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Most Burger Chains Flunk Antibiotics Scorecard


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A new report co-authored by a handful of public interest organizations doles out failing grades to 22 of the 25 largest burger chains in the U.S. because of their continued use of antibiotics in the beef they sell. While there’s no questioning the added expense of going antibiotic free, this kind of negative press does the franchised restaurant industry no favors.

Chain Reaction IV: Burger Edition” is a comprehensive look at how top restaurants have or haven’t reduced antibiotic use in their meat supply chains. According to the results, BurgerFi and Shake Shack are the only two large-scale brands serving beef raised without the routine use of antibiotics. They each earned an “A” on the fourth annual Chain Reaction scorecard that was released by six major consumer and environmental organizations.

If you’re not scared of the global and public health implications of antibiotic-resistant bacteria like I am (thanks NPR), this report is worth your time. A future without functional antibiotics usable in medicine is a scary one. If you’re a decision maker at a franchised restaurant and haven’t begun to move toward an antibiotic-free supply chain, here’s yet another wake-up call that a growing cohort of consumers care about cleaner meats.

“More than 70 percent of the medically important antibiotics sold in the U.S. go to food animals,” the report stated. “Many meat producers routinely give the drugs to animals that are not sick either to promote faster growth or to prevent disease caused by factory farm production practices. Despite the threat posed to public health, the U.S. lacks effective laws and policies to prevent the overuse of antibiotics in agriculture.”

Given the scale and vast quantities of meat used by the fast-food industry, the report singles out the industry’s potential to impact the global supply chain for the better.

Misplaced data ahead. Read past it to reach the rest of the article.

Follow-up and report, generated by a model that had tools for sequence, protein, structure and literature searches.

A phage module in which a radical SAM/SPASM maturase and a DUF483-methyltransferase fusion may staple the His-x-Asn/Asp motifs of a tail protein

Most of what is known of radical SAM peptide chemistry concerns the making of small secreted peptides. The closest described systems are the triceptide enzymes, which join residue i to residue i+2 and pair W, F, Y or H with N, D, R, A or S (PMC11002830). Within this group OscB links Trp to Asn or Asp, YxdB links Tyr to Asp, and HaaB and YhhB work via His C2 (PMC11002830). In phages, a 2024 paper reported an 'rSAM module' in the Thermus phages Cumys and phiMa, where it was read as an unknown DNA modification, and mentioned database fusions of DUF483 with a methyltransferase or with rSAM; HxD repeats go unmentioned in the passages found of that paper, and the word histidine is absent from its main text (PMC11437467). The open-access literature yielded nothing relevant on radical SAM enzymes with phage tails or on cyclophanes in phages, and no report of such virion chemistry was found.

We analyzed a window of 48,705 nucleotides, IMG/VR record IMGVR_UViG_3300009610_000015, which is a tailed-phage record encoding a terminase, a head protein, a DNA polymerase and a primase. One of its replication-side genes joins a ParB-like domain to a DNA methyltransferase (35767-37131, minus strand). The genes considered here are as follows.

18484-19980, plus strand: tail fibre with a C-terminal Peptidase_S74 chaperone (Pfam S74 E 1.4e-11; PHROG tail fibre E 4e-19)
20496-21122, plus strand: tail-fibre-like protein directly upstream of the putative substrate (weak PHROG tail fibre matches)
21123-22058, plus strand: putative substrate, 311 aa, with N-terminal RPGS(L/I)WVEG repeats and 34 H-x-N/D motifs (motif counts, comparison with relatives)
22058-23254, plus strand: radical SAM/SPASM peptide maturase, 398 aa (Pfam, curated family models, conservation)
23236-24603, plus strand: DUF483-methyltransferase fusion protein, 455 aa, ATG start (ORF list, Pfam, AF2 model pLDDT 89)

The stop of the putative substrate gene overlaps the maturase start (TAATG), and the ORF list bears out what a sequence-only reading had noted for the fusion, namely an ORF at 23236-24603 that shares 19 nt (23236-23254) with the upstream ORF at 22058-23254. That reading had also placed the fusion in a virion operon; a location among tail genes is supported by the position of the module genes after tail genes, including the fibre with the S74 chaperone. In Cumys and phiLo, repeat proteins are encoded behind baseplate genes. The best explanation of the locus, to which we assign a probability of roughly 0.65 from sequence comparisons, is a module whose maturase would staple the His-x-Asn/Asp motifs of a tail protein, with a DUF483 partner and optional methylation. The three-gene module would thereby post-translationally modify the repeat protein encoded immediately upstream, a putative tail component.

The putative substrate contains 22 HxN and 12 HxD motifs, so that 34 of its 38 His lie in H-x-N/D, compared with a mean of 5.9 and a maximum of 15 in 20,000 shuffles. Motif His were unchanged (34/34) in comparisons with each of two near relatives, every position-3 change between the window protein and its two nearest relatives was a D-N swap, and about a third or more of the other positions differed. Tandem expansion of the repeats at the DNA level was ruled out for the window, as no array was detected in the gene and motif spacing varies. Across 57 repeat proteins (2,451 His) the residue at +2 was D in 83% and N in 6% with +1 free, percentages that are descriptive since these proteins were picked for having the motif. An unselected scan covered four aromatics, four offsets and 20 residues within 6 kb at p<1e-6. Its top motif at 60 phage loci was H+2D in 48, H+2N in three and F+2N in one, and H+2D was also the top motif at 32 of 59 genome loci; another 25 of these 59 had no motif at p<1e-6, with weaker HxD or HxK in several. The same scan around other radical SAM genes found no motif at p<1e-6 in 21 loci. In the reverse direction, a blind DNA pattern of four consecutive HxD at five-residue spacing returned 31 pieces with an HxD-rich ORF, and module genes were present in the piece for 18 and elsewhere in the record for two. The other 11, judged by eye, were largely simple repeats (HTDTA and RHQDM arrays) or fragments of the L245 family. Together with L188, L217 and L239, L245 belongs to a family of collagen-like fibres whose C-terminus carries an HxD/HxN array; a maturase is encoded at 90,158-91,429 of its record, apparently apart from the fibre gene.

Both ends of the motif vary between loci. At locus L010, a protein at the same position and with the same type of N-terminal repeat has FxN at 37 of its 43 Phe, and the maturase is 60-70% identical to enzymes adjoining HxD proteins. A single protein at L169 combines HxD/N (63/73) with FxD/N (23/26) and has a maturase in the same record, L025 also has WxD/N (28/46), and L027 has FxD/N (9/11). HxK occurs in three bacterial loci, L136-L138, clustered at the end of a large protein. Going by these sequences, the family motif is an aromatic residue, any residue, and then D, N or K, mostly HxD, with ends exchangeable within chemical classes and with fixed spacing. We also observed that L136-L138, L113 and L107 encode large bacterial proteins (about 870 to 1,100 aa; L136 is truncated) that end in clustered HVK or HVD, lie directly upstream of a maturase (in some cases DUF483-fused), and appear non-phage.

According to the study, which surveyed more than 1,000 adult consumers, 59 percent of respondents indicated they’d be more likely to eat at a restaurant that served meat raised without antibiotics, and more than half agreed that restaurants should stop serving meat and poultry raised without antibiotics.

BurgerFi smartly jumped on the report’s unveiling by releasing a statement from CEO Corey Winograd.

“BurgerFi’s brand ethos from the beginning has always been that of being naturally better with authentic ingredients for everyone,” he said. “The company’s mission is to serve the top 1 percent of best-tasting certified, American Black Angus beef from the finest ranches across the country.”

Without getting too tall on my high horse, I am one of these consumers. Now that I’m a little older and it’s become easier to make ends meet, I’ll routinely opt for antibiotic meat whenever given the chance. There’s no escaping that having the luxury of choosing higher quality meats is a privilege not everybody can afford, but that’s why franchised restaurants have the power to move the beef and chicken markets just like when Walmart cracked down on suppliers for using excess packaging.

Chain Reaction said the beef sector accounts for 43 percent of the medically important antibiotics sold to the meat industry—more than any other category. By contrast, 6 percent of medically important antibiotic sales went to the chicken industry.

Aside from Shake Shack and BurgerFi, which both received A grades, Wendy’s was the next-highest in the franchise world with a D-. Everything else included in the survey received a failing grade, including McDonald’s, Burger King, Whataburger, Culver’s, In-N-Out, Smashburger, Freddy’s and A&W, among others.

With declining restaurant foot traffic and image challenges as clean eating continues going mainstream, I sincerely hope the next Chain Reaction includes better marks for the franchise restaurant industry. It’s time for big food brands to step up and do something meaningful for the future health of mankind.

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The latest news, opinions and commentary on what's happening in the franchise arena that could affect your business.

Tom KaiserTom Kaiser is senior editor of Franchise Times. He can be reached at 612.767.3209, or send story ideas to tkaiser@franchisetimes.com.
 
Beth EwenBeth Ewen is editor-in-chief of Franchise Times. She can be reached at 612.767.3212, or send story ideas to bewen@franchisetimes.com.
 
Nicholas UptonNicholas Upton is restaurants editor at Franchise Times. He can be reached at 612.767.3226, or send story ideas to nupton@franchisetimes.com.
 
Laura MichaelsLaura Michaels is managing editor of Franchise Times. She can be reached at 612.767.3210, or send story ideas to lmichaels@franchisetimes.com.
 
Mary Jo LarsonMary Jo Larson is the publisher of Franchise Times Magazine and the Restaurant Finance Monitor.  You can find her on Twitter at
 twitter.com/mlarson1011.
 

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